Summary: God has designed your growth to happen through spiritual disciples such as Bible study, prayer & fasting, and attending worship regularly.
Many of you love to measure your progress. You can measure your progress in so many areas of your life. Tools are available to measure your Body Mass Index where you assess your body fat. You can measure your carbon footprint so to know your impact upon the climate. Athletes will measure the size of their biceps. You can even monitor your social media influence over the Internet. Yet, few Christians have a significant handle on how to measure their spiritual maturity. How do I measure myself in terms of my growth as a believer? Time-lapse photography will allow you to see physical growth over a span of years. But there are no photographs that can show you your spiritual growth.
I want to speak to you about forming some great spiritual habits. These habits are called spiritual disciplines. These personal habits that shape and focus your life. I want to serve as a catalyst for your personal spiritual growth by specifically speaking to you about prayer and fasting.
1. Three Stages of Your Growth
I want you to understand the stages of your personal spiritual growth. Watch carefully how the Bible frames the Christian life.
1.1 Your Growth Begins at Salvation
In 1998, 8,000 college students were survey in a nationwide research project known as QuEST. One question presented students with the following scenario: “Your best friend comes to you and says, ‘I want to become a Christian, but I don’t know how.’ What would you tell your friend?” Assume your friend wants you to answer the question and not to be sent to a pastor or minister. The most common response suggested going to church or encouraging some religious practice. Only fourteen percent of the students interviewed, mentioned Jesus in their answer.
Like Monopoly, you cannot collect your $200 without passing “Go.” You cannot grow spiritually unless you have been born spiritually. In one of the most famous conversations known to history, Jesus says three times, “Unless you are born again, you cannot enter the kingdom of God. Unless you are born again, you cannot enter the kingdom of God.” Jesus answered him, “Truly, truly, I say to you, unless one is born again he cannot see the kingdom of God” (John 3:3). Jesus answered, “Truly, truly, I say to you, unless one is born of water and the Spirit, he cannot enter the kingdom of God” (John 3:5). Now, remember who Jesus is speaking to during this conversation. He’s a member of the Jewish ruling council, the Sanhedrin, a man named Nicodemus. Right away we know several things about him. First of all, it means he’s old - you didn’t get up there unless you were an older man. Secondly, he’s rich. Third, he’s learned. The Sanhedrin were teachers. Jesus says, “You are Israel’s teacher …” and that’s actually a technical term. In effect, Jesus is saying, “You have a PhD from an Ivy League school. You are a Scripture scholar. You are one of the accredited establishment. You are the cultural elite.”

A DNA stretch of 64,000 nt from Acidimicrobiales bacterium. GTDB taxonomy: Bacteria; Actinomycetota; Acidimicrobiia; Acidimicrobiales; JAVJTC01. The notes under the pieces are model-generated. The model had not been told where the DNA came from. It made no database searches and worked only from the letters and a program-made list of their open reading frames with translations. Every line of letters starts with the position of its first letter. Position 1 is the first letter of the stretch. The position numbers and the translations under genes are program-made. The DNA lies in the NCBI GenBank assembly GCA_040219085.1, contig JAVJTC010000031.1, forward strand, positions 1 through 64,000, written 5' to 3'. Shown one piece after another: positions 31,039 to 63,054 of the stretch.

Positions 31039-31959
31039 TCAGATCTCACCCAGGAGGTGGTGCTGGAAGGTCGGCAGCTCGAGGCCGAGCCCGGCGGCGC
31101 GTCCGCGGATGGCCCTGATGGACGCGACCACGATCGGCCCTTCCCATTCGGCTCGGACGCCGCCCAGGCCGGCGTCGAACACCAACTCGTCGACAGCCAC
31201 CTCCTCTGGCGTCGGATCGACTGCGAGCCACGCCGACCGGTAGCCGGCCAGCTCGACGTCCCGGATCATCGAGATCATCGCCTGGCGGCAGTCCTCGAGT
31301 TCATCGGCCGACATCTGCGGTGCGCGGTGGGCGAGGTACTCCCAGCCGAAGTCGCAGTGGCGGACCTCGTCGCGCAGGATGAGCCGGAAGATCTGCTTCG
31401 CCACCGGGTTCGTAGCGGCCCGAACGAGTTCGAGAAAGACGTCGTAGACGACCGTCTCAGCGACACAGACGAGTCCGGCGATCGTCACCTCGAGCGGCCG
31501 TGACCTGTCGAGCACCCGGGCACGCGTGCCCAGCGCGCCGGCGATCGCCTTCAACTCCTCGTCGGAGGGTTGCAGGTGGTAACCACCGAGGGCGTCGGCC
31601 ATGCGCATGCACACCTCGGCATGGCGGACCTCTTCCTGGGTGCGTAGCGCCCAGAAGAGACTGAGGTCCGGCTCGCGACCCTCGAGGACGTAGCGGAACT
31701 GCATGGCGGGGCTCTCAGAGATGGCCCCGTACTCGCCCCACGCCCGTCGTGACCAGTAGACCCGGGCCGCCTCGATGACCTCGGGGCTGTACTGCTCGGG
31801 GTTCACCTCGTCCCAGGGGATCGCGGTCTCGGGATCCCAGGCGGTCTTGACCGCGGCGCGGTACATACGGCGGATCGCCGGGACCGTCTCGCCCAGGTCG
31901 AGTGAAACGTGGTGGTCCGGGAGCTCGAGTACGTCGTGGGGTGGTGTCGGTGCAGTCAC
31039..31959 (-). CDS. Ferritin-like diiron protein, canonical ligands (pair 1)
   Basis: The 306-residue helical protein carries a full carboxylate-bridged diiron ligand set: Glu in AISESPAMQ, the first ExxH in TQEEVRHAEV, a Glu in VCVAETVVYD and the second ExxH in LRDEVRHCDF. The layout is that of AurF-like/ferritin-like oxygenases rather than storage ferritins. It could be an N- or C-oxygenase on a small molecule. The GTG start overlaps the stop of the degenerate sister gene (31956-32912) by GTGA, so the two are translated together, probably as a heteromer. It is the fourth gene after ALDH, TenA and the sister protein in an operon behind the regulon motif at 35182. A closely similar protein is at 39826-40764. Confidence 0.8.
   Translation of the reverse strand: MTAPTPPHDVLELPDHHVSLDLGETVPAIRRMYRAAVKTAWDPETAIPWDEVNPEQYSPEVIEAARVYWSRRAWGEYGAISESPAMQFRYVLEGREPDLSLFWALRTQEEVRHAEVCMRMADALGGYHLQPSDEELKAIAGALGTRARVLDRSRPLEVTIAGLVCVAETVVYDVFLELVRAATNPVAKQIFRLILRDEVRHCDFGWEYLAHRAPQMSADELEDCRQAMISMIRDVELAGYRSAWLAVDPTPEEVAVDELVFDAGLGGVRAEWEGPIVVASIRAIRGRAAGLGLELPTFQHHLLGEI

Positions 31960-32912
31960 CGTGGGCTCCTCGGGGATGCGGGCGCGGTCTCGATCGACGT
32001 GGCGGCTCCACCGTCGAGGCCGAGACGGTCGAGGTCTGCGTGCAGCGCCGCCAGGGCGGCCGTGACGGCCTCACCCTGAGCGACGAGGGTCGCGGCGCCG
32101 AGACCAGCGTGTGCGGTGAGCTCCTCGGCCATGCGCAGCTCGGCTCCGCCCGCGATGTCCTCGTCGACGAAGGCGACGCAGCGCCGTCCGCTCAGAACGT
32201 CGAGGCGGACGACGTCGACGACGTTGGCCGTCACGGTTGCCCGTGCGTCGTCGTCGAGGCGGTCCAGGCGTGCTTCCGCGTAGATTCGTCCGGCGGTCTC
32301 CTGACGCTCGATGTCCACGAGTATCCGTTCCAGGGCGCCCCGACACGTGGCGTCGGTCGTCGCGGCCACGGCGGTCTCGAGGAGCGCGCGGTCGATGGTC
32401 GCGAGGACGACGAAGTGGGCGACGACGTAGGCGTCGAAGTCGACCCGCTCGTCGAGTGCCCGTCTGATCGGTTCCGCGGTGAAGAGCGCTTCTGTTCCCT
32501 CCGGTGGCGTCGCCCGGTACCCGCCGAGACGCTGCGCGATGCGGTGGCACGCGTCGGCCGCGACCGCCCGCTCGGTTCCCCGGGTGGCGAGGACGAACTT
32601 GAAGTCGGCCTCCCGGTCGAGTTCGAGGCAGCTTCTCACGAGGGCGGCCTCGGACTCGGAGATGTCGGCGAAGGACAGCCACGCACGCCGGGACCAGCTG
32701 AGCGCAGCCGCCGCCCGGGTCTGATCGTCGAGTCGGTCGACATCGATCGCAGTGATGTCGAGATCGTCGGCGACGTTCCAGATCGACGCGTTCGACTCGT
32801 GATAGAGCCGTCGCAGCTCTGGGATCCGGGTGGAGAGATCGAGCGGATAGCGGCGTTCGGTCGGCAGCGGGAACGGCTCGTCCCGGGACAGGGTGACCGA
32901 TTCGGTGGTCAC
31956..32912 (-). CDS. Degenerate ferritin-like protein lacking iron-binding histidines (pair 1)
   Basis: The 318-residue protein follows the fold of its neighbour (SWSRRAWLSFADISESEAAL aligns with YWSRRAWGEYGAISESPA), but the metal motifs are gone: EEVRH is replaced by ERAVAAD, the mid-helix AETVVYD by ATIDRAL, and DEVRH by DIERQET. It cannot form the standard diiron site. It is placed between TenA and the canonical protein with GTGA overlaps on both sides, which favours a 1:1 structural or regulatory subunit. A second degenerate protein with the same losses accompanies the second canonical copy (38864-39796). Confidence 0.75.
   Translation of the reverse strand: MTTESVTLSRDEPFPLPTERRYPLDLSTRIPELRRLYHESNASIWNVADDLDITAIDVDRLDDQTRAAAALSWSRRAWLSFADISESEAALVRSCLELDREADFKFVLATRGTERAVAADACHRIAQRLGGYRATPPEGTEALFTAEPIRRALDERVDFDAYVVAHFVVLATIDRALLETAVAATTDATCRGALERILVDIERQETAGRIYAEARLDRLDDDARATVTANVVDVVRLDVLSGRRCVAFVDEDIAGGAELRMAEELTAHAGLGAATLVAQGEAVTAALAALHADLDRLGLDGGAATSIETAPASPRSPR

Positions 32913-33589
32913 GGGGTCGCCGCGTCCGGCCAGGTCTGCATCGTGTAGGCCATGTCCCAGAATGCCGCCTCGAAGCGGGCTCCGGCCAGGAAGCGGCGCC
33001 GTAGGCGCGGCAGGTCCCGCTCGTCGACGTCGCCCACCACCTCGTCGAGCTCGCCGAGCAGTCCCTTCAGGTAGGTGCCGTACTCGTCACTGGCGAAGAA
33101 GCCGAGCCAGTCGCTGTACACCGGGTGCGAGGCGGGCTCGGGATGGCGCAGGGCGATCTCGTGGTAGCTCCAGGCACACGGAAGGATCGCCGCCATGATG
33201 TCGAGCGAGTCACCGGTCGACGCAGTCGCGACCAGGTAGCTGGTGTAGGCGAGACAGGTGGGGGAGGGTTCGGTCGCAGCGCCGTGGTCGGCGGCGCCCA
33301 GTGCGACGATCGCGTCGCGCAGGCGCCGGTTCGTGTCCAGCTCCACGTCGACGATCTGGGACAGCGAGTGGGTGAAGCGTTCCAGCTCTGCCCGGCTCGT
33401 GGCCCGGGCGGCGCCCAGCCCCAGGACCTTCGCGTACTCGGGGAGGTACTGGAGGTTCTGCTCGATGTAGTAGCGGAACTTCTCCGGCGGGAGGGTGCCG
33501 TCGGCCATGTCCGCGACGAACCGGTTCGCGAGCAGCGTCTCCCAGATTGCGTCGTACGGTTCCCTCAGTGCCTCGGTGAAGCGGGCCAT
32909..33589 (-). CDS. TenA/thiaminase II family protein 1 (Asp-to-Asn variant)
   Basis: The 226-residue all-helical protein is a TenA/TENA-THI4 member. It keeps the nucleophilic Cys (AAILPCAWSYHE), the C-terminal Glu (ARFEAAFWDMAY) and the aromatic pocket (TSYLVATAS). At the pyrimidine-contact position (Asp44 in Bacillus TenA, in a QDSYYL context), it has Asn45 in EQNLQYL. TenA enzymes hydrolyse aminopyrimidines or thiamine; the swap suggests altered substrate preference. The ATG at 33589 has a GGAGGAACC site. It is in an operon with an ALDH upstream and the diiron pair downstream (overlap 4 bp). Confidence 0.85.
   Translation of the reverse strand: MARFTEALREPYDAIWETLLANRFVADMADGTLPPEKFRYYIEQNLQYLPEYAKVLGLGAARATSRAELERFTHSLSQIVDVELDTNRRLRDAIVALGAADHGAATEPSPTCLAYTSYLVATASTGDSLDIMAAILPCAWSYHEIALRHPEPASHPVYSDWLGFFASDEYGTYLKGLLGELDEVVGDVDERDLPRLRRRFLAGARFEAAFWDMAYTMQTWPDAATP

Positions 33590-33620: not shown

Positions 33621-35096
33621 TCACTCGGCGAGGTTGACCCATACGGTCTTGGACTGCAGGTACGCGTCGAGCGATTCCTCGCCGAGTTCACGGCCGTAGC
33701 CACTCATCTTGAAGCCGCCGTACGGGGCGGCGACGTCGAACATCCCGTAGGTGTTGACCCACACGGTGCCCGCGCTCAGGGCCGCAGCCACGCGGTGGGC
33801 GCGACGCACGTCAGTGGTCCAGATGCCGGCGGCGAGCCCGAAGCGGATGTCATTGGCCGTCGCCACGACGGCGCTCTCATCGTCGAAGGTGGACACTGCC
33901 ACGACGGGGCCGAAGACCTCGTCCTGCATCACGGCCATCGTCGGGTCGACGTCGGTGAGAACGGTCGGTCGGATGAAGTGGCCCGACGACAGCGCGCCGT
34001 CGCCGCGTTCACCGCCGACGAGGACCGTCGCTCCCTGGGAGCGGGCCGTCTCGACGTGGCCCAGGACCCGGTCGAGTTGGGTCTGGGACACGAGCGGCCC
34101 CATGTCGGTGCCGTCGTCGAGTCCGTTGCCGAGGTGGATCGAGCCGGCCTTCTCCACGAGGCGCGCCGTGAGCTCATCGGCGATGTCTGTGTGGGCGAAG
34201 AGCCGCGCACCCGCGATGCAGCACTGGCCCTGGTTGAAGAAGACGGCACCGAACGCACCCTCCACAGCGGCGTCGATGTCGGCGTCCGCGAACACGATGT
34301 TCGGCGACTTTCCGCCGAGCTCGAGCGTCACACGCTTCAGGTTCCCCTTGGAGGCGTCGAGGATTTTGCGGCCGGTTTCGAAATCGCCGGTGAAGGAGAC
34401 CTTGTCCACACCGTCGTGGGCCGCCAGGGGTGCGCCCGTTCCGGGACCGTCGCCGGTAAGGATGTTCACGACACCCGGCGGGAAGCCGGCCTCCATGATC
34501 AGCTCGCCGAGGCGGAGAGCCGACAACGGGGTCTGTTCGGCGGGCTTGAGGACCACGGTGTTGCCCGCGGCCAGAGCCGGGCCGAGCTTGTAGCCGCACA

Jesus says everyone must be born again. The new birth isn’t just for drug addicts, convicts, and gamblers. Nicodemus is the very opposite of a “broken-down” person. Here is a man who’s so religious, he makes sure he tithes off even his birthday gifts! Jesus is coming to a very good person, an incredibly moral person, and says, “You have to go back to the beginning. You have to start at day one.” You must be born again. You must trust in death, burial, and resurrection of Jesus Christ for the forgiveness of your sins.
Again, you cannot grow spiritually unless you have been born spiritually: “And such were some of you. But you were washed, you were sanctified, you were justified in the name of the Lord Jesus Christ and by the Spirit of our God” (1 Corinthians 6:11). There are three stages to your life in Christ: Justification, Sanctification, and Glorification. Justification is a synonym of salvation or conversion. There’s a new spiritual power in our lives that breaks the habits of sin: “No one born of God makes a practice of sinning, for God’s seed abides in him, and he cannot keep on sinning because he has been born of God” (1 John 3:9).
1.2 Your Growth Increases Throughout Life
Sanctification is a gradual process after your conversion where you become more and more like Jesus. This growth toward Jesus moves you further from sin in your life: “Brothers, I do not consider that I have made it my own. But one thing I do: forgetting what lies behind and straining forward to what lies ahead, I press on toward the goal for the prize of the upward call of God in Christ Jesus.” (Philippians 3:13-14)